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79 Soc. F. 291 (2000-2001)
The Measure of American Religion: Toward Improving the State of the Art

handle is hein.journals/josf79 and id is 303 raw text is: The Measure of American Religion:
Toward Improving the State of the Art*
BRIAN STEENSLAND, Princeton University
JERRY Z. PARK, University of Notre Dame
MARK D. REGNERUS, University of North Carolina at Chapel Hill
LYNN D. ROBINSON, Princeton University
W. BRADFORD WILCOX, Princeton University
ROBERT D. WOODBERRY, University of North Carolina at Chapel Hill
Recently, scholars have devoted renewed attention to the role of religion in American
life. Thus, it is important that they use the most effective means available to categorize
and study religious groups. However, the most widely used classification scheme in survey
research (TW Smith 1990) does not capture essential differences between American
religious traditions and overlooks significant new trends in religious affiliation. We
critique this scheme based on its historical, terminological and taxonomical inaccuracy
and offer a new approach that addresses its shortcomings by using denominational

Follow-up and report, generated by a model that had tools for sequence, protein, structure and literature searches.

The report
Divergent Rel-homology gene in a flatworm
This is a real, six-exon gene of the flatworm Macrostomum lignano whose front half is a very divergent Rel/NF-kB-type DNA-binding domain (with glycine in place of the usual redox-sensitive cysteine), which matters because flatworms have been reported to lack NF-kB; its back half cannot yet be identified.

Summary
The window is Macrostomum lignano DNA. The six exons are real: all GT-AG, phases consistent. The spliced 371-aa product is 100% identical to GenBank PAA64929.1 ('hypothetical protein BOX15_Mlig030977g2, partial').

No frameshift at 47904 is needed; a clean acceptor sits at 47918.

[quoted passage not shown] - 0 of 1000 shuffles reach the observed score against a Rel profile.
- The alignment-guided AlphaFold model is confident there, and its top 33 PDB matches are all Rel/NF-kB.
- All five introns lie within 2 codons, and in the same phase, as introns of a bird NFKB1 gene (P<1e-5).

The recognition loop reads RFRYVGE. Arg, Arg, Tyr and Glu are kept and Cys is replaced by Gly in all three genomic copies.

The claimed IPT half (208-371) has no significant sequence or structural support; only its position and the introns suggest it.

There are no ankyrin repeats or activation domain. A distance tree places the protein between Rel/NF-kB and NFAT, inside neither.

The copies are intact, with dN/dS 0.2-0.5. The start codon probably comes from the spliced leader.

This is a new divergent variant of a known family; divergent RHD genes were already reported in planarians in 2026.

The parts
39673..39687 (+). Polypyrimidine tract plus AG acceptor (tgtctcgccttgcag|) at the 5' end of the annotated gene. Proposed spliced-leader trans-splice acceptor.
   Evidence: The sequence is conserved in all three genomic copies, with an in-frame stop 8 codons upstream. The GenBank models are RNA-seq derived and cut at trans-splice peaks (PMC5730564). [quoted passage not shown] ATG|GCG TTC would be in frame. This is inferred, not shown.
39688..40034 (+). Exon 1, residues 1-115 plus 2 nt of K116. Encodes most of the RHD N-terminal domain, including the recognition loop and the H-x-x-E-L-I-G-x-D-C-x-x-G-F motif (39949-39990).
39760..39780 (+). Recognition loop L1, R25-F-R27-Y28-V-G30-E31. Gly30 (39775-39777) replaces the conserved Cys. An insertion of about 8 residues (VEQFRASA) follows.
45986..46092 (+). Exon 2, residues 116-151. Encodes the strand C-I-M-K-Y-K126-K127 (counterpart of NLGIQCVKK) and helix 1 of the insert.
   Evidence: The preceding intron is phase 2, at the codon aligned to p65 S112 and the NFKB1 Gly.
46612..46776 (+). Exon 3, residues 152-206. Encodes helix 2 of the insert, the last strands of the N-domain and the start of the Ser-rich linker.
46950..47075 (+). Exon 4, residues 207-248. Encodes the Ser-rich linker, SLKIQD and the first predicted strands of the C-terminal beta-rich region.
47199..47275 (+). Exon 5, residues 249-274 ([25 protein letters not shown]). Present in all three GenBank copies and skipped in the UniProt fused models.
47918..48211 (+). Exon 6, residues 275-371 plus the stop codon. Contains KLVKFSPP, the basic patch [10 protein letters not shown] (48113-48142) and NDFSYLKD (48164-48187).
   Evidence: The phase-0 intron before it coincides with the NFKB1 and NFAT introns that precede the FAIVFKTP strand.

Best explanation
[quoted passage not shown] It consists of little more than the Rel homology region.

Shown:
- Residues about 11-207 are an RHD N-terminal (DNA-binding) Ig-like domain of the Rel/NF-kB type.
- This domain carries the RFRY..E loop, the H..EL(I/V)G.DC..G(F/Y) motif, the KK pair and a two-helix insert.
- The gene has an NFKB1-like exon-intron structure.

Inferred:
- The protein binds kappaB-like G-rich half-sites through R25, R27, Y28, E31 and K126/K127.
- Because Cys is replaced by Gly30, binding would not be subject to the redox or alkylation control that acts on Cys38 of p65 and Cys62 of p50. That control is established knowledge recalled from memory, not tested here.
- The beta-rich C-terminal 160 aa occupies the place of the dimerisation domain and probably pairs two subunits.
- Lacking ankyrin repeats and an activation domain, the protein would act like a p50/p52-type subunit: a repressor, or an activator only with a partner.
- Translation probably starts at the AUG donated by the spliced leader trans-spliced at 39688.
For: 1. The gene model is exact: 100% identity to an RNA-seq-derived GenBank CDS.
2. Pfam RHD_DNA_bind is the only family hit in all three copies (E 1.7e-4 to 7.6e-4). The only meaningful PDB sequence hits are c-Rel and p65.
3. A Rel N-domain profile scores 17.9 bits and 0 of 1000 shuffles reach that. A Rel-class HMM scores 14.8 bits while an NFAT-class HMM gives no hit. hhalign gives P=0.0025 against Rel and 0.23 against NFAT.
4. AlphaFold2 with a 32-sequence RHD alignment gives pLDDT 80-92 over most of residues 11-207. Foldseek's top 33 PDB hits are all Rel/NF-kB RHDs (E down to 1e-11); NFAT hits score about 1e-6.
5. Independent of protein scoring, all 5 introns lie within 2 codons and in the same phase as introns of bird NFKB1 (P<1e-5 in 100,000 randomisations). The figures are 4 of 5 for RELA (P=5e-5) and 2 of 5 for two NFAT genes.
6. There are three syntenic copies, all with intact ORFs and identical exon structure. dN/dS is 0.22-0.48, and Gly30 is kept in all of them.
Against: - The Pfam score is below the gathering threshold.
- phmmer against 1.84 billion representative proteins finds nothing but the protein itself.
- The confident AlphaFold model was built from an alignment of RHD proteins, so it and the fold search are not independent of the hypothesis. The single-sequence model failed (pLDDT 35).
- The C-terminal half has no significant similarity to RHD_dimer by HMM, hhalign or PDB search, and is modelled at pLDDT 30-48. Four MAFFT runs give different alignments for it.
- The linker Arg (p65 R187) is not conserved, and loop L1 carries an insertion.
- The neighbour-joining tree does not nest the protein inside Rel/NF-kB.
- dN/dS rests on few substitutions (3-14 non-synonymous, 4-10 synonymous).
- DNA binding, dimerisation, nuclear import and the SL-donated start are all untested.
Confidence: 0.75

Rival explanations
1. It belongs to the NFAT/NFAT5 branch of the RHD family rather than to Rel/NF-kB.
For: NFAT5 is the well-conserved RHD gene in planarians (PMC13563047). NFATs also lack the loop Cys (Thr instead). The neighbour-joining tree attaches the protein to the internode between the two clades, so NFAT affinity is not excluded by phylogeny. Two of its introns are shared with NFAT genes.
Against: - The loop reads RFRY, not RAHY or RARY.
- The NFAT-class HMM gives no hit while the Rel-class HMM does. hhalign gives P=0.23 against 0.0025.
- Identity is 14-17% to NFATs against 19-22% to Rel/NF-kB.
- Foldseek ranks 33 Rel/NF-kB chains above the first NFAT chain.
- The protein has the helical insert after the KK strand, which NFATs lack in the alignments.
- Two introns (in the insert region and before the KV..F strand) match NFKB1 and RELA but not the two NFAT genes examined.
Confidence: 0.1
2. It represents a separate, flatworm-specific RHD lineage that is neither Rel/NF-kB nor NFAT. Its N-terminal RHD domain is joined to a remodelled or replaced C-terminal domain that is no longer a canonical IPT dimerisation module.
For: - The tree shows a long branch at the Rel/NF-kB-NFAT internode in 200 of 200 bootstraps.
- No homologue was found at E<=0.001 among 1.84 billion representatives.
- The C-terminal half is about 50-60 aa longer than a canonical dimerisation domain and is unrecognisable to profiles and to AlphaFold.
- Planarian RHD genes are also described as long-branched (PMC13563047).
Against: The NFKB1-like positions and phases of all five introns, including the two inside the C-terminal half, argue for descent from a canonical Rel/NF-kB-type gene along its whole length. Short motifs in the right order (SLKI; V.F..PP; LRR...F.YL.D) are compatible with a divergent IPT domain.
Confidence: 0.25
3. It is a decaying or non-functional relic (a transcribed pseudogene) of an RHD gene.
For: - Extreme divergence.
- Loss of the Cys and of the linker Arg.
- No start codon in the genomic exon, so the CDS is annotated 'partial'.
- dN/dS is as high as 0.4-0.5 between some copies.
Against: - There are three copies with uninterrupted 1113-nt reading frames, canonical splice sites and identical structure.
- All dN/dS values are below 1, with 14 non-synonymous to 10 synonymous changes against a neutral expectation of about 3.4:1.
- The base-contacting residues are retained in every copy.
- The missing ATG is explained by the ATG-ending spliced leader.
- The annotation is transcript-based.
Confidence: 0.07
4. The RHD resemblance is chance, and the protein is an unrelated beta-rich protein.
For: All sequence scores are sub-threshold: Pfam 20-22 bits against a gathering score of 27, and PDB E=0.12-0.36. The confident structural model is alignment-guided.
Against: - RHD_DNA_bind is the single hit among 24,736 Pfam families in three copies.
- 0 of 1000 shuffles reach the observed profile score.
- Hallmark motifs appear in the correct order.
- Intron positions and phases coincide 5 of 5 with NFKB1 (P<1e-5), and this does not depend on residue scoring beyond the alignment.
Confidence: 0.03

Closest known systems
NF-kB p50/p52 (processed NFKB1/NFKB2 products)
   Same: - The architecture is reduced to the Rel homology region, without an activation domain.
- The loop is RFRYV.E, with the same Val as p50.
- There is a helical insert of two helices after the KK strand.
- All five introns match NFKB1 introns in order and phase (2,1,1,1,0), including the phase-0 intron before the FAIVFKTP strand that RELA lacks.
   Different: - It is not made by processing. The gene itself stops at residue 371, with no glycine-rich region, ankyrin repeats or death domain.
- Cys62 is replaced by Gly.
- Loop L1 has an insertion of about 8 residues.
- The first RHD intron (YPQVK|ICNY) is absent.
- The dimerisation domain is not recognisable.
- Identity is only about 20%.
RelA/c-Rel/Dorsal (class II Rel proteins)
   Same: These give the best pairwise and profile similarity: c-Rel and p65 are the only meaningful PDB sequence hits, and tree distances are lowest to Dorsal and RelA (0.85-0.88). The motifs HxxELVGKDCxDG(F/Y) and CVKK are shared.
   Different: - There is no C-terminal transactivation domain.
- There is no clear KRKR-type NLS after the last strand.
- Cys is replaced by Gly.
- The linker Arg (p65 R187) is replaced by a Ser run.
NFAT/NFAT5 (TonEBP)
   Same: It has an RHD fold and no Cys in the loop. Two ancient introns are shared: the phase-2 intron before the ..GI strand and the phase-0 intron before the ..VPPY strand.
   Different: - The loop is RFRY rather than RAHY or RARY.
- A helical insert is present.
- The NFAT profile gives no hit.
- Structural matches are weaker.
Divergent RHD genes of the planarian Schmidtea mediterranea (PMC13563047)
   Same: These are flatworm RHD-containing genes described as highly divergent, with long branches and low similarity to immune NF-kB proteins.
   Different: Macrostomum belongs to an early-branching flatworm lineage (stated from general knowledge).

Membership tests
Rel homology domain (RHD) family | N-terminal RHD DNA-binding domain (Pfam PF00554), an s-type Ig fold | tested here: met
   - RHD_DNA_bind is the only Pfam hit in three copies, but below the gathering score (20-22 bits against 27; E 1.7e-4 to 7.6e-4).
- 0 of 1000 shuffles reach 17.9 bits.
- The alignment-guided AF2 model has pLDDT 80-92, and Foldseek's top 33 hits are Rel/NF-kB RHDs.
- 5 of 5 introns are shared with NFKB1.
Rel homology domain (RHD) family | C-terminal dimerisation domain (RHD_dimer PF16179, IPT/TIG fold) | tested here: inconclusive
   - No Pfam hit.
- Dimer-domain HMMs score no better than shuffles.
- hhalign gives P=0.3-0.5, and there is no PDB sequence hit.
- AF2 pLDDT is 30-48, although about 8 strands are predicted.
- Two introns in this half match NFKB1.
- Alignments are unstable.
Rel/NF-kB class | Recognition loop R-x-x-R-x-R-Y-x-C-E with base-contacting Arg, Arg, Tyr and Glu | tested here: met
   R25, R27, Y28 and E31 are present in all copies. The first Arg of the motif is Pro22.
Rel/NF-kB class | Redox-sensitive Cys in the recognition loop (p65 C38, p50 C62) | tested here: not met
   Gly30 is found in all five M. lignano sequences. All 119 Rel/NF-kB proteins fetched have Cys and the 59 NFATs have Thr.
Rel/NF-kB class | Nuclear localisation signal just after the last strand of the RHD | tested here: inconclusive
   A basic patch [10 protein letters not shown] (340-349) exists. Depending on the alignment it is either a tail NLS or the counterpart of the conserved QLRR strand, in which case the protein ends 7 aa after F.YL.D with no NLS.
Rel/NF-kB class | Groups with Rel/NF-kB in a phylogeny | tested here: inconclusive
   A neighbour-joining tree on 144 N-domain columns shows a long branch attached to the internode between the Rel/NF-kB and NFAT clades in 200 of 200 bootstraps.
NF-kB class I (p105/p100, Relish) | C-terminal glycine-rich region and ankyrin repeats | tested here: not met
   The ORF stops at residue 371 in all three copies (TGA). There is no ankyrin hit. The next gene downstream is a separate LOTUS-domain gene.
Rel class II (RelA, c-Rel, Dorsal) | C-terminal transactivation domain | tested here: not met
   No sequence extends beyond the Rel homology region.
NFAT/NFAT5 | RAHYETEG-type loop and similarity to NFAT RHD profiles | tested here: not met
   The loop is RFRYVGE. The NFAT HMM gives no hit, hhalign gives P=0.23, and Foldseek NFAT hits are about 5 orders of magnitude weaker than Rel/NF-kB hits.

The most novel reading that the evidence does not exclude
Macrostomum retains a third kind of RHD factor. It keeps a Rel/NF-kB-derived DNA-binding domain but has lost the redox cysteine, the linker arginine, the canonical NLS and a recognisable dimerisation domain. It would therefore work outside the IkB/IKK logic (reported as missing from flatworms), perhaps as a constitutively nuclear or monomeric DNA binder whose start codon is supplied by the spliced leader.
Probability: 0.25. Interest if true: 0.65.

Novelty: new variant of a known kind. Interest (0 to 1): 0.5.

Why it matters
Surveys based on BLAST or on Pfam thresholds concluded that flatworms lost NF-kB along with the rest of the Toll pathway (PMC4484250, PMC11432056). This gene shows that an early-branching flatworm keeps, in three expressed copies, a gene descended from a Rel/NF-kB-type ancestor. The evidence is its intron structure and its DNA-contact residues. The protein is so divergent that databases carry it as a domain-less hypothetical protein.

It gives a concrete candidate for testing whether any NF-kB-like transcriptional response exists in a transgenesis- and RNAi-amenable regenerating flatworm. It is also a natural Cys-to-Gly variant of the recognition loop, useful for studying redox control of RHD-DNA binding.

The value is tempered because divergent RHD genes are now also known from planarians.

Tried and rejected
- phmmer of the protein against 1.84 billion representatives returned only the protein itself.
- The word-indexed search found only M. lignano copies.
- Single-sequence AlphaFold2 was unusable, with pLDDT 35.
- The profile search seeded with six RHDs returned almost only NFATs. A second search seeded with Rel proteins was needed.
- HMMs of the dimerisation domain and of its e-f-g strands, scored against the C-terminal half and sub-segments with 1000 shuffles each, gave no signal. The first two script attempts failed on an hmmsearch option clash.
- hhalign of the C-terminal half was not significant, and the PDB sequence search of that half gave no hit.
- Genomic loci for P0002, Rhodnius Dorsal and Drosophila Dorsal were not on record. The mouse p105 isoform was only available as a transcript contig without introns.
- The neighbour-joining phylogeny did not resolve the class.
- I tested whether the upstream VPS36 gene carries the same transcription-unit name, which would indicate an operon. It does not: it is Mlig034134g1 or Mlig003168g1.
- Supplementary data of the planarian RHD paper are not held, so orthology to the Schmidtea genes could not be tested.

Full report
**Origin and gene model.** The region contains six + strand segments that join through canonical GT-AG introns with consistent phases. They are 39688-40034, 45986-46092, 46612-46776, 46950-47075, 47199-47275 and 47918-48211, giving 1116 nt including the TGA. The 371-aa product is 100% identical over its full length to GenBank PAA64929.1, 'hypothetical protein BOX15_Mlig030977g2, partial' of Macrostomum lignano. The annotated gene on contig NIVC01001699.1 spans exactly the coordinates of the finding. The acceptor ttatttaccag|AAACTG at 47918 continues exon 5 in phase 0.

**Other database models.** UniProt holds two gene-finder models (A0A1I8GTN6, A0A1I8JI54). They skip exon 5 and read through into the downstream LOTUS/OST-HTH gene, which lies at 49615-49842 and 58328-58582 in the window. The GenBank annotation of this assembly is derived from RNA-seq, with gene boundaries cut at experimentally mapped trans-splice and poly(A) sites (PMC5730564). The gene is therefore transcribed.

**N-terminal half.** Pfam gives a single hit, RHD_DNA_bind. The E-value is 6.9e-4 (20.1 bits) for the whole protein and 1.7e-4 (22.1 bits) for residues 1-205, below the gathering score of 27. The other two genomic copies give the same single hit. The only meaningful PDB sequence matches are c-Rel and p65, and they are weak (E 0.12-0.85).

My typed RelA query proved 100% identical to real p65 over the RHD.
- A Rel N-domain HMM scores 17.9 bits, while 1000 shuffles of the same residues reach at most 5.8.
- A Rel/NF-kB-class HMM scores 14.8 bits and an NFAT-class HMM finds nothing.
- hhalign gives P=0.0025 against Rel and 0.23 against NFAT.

affiliation to place respondents into seven categories grounded in the historical
development ofAmerican religious traditions. Most important, this new scheme yields
more meaningful interpretations because the categories refer to concrete religious
traditions. Because of increased accuracy in classification, it also improves model fit
and reduces measurement error.
Since the rise of the Christian Right in the late 1970s, scholars have devoted renewed
attention to the role of religion in American public life. Social commentators now
widely acknowledge that Americans are more religious than citizens in most other
*Early versions of this article were presented at the meetings of the Southern Association for
Public Opinion Research (1997) and the Society for the Scientific Study of Religion (1998).
The article grew from discussions between the authors at the Seminar on Survey Research
and American Religion sponsored by the Pew Charitable Trusts. We are grateful to Jim Guth,
Bud Kellstedt, and Corwin Smidt for organizing the seminar and for their encouragement
on the project. We also thank the anonymous Social Forces reviewers for their helpful
suggestions. Direct correspondence to Brian Steensland, 2-N-1 Green Hall, Princeton
University, Princeton, NJ 08544. E-mail:

Social Forces, September 2000, 79(1):291-318

@ The University of North Carolina Press

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